S’pore is one of the world’s happiest places, says Nat Geo & NYT bestselling writer

He thinks it's because our system rewards hard work.

By Yeo Kaiqi | October 19, 2017

Singapore is once again garnering fascination and envy from foreigners.

Nat Geo praise

In a National Geographic article on Oct. 18, 2017 by Dan Buettner, Singapore is exalted as one of the world’s happiest places because it provided “a clear, safe path [which can lead] to success”.

Titled These Are the World’s Happiest Places, Buettner summarised the findings of his research from his new book, “The Blue Zones of Happiness: Lessons from the World’s Happiest People”, and claimed how three different systems in three different countries — Denmark, Costa Rica, and Singapore — are supposedly providing three different strands of happiness.

Buettner, who is a National Geographic Fellow and New York Times bestselling author, supported his happiness theory by citing three prime examples from each country.

Singapore’s example is the transformational poor-boy-make-good story of one local multimillionaire.

He then used this as his reason to claim that Singapore represents the “life satisfaction” strand of happiness, as it apparently rewarded hard work.

Social scientists often measure this type of happiness by asking people to rate their lives on a scale of zero to 10. Experts also call this evaluative happiness. Internationally it’s considered the gold standard metric of well-being. Singapore has most dependably ranked number one in Asia for life satisfaction.

Singapore on the scales of happiness

According to Buettner, here are the reasons that gained us the title of one of the “world’s happiest places”:

1. We have economic stability

Screenshot via National Geographic article

“Singapore’s economic stability has helped the country consistently rank high when it comes to financial well-being. But all that striving for wealth comes at some cost to the other happiness factors.”

These other happiness factors that have been weighed out are the “social”, “purpose”, “physical”, and “community” factors that can impact population thriving.

2. We have the fewest negative daily experiences

Screenshot via National Geographic article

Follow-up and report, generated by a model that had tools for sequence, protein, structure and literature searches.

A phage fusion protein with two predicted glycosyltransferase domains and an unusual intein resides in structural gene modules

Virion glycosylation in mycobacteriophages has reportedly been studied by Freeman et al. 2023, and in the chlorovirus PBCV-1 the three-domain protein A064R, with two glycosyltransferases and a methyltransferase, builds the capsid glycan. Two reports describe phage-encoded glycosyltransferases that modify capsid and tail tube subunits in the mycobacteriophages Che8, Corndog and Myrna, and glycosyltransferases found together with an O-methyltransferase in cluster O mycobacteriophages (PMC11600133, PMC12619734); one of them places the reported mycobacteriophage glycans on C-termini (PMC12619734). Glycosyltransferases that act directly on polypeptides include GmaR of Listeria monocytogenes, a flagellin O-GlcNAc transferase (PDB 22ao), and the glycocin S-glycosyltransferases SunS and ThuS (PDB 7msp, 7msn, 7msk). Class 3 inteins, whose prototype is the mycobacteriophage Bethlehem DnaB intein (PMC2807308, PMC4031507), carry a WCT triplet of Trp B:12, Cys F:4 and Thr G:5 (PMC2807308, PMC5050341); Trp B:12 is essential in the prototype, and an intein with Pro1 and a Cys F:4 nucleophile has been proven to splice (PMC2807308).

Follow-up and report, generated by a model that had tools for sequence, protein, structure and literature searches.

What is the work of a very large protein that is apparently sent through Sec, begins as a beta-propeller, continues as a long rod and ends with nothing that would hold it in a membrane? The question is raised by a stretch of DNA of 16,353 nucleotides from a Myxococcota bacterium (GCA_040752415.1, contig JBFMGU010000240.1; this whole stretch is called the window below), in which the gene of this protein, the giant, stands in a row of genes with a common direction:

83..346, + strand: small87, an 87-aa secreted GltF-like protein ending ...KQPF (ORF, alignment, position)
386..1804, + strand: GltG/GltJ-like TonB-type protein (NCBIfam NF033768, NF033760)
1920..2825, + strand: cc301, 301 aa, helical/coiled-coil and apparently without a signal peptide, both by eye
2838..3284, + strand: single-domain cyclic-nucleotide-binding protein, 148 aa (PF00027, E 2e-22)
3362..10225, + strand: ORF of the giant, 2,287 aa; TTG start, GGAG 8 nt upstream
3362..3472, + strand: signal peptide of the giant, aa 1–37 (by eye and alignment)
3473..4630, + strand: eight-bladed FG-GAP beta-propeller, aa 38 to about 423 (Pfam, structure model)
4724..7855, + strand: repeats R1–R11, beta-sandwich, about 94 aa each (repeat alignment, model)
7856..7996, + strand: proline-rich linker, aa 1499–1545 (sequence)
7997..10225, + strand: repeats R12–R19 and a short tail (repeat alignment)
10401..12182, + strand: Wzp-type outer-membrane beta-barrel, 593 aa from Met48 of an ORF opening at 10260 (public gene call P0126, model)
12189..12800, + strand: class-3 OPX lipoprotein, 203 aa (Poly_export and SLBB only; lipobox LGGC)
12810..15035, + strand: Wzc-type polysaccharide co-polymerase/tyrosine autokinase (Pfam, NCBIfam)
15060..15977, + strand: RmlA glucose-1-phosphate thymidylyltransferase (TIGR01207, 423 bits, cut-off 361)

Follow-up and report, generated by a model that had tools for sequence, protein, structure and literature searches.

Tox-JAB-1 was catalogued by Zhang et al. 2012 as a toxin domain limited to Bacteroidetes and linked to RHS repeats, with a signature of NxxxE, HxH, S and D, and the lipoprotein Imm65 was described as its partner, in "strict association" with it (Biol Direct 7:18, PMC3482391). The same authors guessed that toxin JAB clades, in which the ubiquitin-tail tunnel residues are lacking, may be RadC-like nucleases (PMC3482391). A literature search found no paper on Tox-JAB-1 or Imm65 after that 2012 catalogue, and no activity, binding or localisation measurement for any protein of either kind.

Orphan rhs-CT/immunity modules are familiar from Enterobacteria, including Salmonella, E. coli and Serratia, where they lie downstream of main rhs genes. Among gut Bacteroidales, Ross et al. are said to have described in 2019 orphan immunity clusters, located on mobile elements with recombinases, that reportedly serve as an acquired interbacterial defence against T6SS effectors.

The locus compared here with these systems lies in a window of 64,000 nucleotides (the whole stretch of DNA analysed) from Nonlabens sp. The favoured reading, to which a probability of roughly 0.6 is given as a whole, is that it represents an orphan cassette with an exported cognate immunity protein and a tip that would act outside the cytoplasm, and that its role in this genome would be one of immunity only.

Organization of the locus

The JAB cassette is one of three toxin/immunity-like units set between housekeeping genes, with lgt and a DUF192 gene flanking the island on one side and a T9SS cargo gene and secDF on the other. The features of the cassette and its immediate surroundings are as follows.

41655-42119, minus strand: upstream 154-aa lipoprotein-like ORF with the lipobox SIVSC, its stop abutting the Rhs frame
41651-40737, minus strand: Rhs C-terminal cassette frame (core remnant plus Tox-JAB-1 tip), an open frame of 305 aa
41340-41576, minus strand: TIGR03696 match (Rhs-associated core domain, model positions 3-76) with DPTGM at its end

“Singapore is one of five nations reporting the fewest negative daily experiences.”

On the emotional scoring scale, Singapore has gone beyond the “Asian average” to have these nice days.

3. We uphold our values

Meritocratic values: “Success for Singaporeans lies at the end of a well-defined path: Follow the rules, get into the right school, land the right job, and happiness is yours. (It’s traditionally summed up as the five C’s: car, condominium, cash, credit card, and club membership.) In a system that aspires to be a meritocracy, talent and performance are rewarded, in theory. You’ll hear Singaporeans complain about rising prices and their overworked lives, but almost all of them say they feel safe and trust one another.”

Asian values: “With a keen appreciation for traditional Asian values, the late Lee Kuan Yew set out to build a society based on harmony, respect, and hard work. Anyone who made an effort to work, no matter how lowly the job, was guaranteed a livable wage. His ‘workfare’ program supplemented low salaries with housing and health care subsidies.”

Values in ethnic diversity, religious freedom, equal education, and subsidised homeownership: “Although the population is largely composed of Chinese (74.3 percent), Malays (13.4 percent), and Indians (9.1 percent), Lee’s government retained English as a lingua franca to help ensure no ethnicity would have the upper hand. He guaranteed religious freedom and equal education for all, and he subsidised homeownership. Most Singaporeans own a flat in government-developed housing, usually a high-rise unit. By law such buildings must reflect the ethnic diversity of the country — so Singapore has no racial or ethnic ghettos.”

Buettner claims that we have scored high because we’re “living [our] values and are proud of what [we’ve] accomplished”.